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Monday 20 November 2017
Cricket

Windies physio encouraged masseuse to expose Gayle

Yet another sexual scandal for the cricket star.

West Indies cricketer Chris Gayle arrives at the New South Wales Supreme Court in Sydney on Wednesday.

UPDATED:

Trouble could be brewing within the West Indies set-up after it was revealed in the New South Wales state Supreme Cour that regional men’s team physiotherapist Christopher “CJ” Clark encouraged former Australian massage therapist Leanne Russell to expose Jamaican batting superstar Chris Gayle for allegedly exposing his penis to her in a hotel room during the 2015 World Cup.

Clark contacted Russell after Gayle made world news in January last year for his now infamous “Don’t Blush, Baby” interview in which he complimented Australian journalist Mel McLaughlin about her eyes and asked her out on a date on air during an Australian Big Bash game. Gayle was heavily criticised for his actions and fined $10,000 by Cricket Australia.

The physiotherapist allegedly texted Russell after the incident, advising her “maybe you should put in your two cents worth”, before following up with another message stating “serial offender”. Russell replied, “I should make a call to The Age (a Melbourne daily newspaper) today”.

When the story broke in Australian news, Clarke texted her again, “You little beauty! Well done!”

Gayle has categorically denied the incident ever occurred and is suing Fairfax Media for Australian $1 million in damages for defamation of character.

Johnny Grave, CEO of the Cricket West Indies (CWI), when contacted yesterday, was asked if he was aware of Clark’s alleged messages towards Russell and if it may affect his position as WI team physio.

The English-born Grave stayed clear of that matter, noting, “I certainly think there were accusations from the lawyers representing Chris Gayle but CJ Clark had (allegedly) encouraged Leanne to come forward.”

He continued, “I think (Clark’s action) it’s more supporting a colleague saying ‘I’m going to go to the newspaper on the accusation of Chris exposing himself to her’ and CJ, as a former colleague saying ‘if that’s what you say (you) have to do, then that’s what you have to do’.

“From what I understand, from people I’ve spoken to in Australia, there is a very clear exchange when Leanne is questioned by The Age about whether she was encouraged to do anything by CJ Clark, and she denied that.”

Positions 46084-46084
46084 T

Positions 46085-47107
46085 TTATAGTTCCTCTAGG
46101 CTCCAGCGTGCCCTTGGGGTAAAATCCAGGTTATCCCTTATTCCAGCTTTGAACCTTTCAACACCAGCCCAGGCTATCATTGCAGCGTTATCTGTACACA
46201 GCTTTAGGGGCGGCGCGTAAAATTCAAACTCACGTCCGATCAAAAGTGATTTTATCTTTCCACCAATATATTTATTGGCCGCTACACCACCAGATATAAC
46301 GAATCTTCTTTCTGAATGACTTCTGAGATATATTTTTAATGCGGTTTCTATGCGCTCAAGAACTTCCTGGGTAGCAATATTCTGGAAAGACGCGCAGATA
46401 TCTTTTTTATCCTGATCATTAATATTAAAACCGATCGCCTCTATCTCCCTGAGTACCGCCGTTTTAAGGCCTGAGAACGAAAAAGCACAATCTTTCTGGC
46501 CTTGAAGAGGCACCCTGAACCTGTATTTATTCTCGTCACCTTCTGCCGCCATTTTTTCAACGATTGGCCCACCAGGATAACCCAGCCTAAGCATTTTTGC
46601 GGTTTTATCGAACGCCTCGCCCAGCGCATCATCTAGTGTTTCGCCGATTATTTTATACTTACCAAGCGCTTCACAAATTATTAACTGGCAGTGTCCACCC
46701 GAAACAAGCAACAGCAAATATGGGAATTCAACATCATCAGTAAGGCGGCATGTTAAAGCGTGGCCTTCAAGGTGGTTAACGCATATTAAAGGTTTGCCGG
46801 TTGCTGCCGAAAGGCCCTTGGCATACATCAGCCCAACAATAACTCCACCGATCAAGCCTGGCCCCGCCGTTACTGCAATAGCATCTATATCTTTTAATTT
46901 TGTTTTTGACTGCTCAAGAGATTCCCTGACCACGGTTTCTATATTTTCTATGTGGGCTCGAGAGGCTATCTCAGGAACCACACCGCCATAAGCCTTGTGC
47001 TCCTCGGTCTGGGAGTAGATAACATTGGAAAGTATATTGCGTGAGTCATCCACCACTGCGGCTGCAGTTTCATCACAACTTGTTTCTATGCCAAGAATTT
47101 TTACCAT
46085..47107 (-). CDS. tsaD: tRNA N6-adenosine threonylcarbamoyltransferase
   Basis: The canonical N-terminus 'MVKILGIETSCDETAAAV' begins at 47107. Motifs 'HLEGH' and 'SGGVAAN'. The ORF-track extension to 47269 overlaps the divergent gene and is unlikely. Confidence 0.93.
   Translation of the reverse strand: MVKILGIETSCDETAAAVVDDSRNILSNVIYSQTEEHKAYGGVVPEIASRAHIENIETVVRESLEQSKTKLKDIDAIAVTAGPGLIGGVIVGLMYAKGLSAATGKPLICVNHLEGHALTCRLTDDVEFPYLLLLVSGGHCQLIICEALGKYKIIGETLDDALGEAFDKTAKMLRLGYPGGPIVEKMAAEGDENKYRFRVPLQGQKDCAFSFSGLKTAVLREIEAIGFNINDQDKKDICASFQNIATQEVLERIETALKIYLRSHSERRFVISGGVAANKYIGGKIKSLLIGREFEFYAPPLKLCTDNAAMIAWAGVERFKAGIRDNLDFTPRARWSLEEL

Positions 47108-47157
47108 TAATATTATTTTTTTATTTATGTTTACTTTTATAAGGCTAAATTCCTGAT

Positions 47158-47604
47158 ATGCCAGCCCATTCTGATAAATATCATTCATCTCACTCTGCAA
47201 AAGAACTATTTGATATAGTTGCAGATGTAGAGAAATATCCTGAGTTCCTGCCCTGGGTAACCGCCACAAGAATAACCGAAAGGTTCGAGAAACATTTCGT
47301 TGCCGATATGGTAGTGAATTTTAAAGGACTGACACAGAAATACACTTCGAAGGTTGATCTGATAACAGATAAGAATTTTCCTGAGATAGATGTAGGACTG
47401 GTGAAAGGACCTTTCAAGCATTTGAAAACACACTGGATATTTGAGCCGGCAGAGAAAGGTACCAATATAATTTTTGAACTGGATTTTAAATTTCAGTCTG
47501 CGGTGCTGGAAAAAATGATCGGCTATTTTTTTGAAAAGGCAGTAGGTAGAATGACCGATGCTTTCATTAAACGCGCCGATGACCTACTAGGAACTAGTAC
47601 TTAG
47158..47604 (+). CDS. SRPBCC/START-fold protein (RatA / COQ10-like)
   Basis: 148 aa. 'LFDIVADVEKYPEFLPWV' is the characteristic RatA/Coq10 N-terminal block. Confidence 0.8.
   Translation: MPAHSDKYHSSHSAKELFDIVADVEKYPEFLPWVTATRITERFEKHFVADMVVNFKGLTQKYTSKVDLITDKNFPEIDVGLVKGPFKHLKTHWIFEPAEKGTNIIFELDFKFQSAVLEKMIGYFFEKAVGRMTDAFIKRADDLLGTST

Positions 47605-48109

Massage therapist Leanne Russell, centre, leaves the New South Wales Supreme Court in Sydney on Wednesday.

Concerning the future relationship between Gayle and Clark – particularly in the West Indies team’s dressing room – Grave said, “it’s not like they haven’t been in the dressing room since. They’ve known about this court case for many months.

“They (were involved) in the T20 against India and the (last) ODI series and T20 series (against England). I’m not aware of any operational issues. They would have both carried about their duties professionally, knowing what was going on in the background.”

Gayle “reserved and scared” in public around women

As evidence from both sides are brought to the fore, it has been revealed that the damning allegation has seriously affected Gayle’s disposition and he has become “very reserved and scared” in public around women.

Gayle gave evidence on Monday that the incident did not happen and “this is one case I have to fight”.

Gayle’s long-time friend, UK-based cricket coach Donovan Miller, gave character evidence for the cricketer yesterday.

He said that since Fairfax had published the articles Gayle had become “very reserved and scared” in public places such as bars, “especially (around) females”.

Mr Miller said Gayle “always feels like someone is out to get him”. “You can see that the incident has affected him a lot,” he said.

“You look in his eyes and you can see he’s really hurting about it.”

Mr Miller said he helped Gayle set up the Chris Gayle Foundation, which works with the charity Cricket for Change to help disadvantaged youth.

“I’m a big believer in helping young people,” Mr Miller said.

“We needed someone like Chris with a big reputation; a big figurehead.

“Everyone loves him. He spends a lot of time ... with the fans.”

Russell, the woman at the centre of the stories, gave evidence on Wednesday that she “cried uncontrollably” after the incident during the Cricket World Cup on February 11, 2015.

“I saw the top half of Chris’ penis, I apologise, and I thereafter shielded my view,” Russell told the court.

ORIGINAL STORY:

Trouble could be brewing within the West Indies set-up after it was revealed in the Australian court today that regional men's team physiotherapist Christopher "CJ" Clark encouraged former massage therapist Leanne Russell to report Jamaican batting superstar Chris Gayle for allegedly exposing his penis to her in a hotel room during the 2015 World Cup.

Clark contacted Russell after Gayle made world news in January last year for his now infamous "Don't Blush, Baby" interview in which he complimented Australian journalist Mel McLaughlin about her eyes and asked her out on a date on air during an Australian Big Bash game. Gayle was heavily criticised for his actions and fined $10,000 by Cricket Australia.

The physiotherapist allegedly texted Russell after the incident, advising her "maybe you should put in your two cents worth", before following up with another message stating "serial offender".

Russell replied, "I should make a call to The Age (a Melbourne daily newspaper) today".

When the story broke in Australian news, Clark texted her again, "You little beauty! Well done!"

Gayle has categorically denied the incident ever occurred and is suing Fairfax Media for defamation of character.

Stay with the Newsday for more details.

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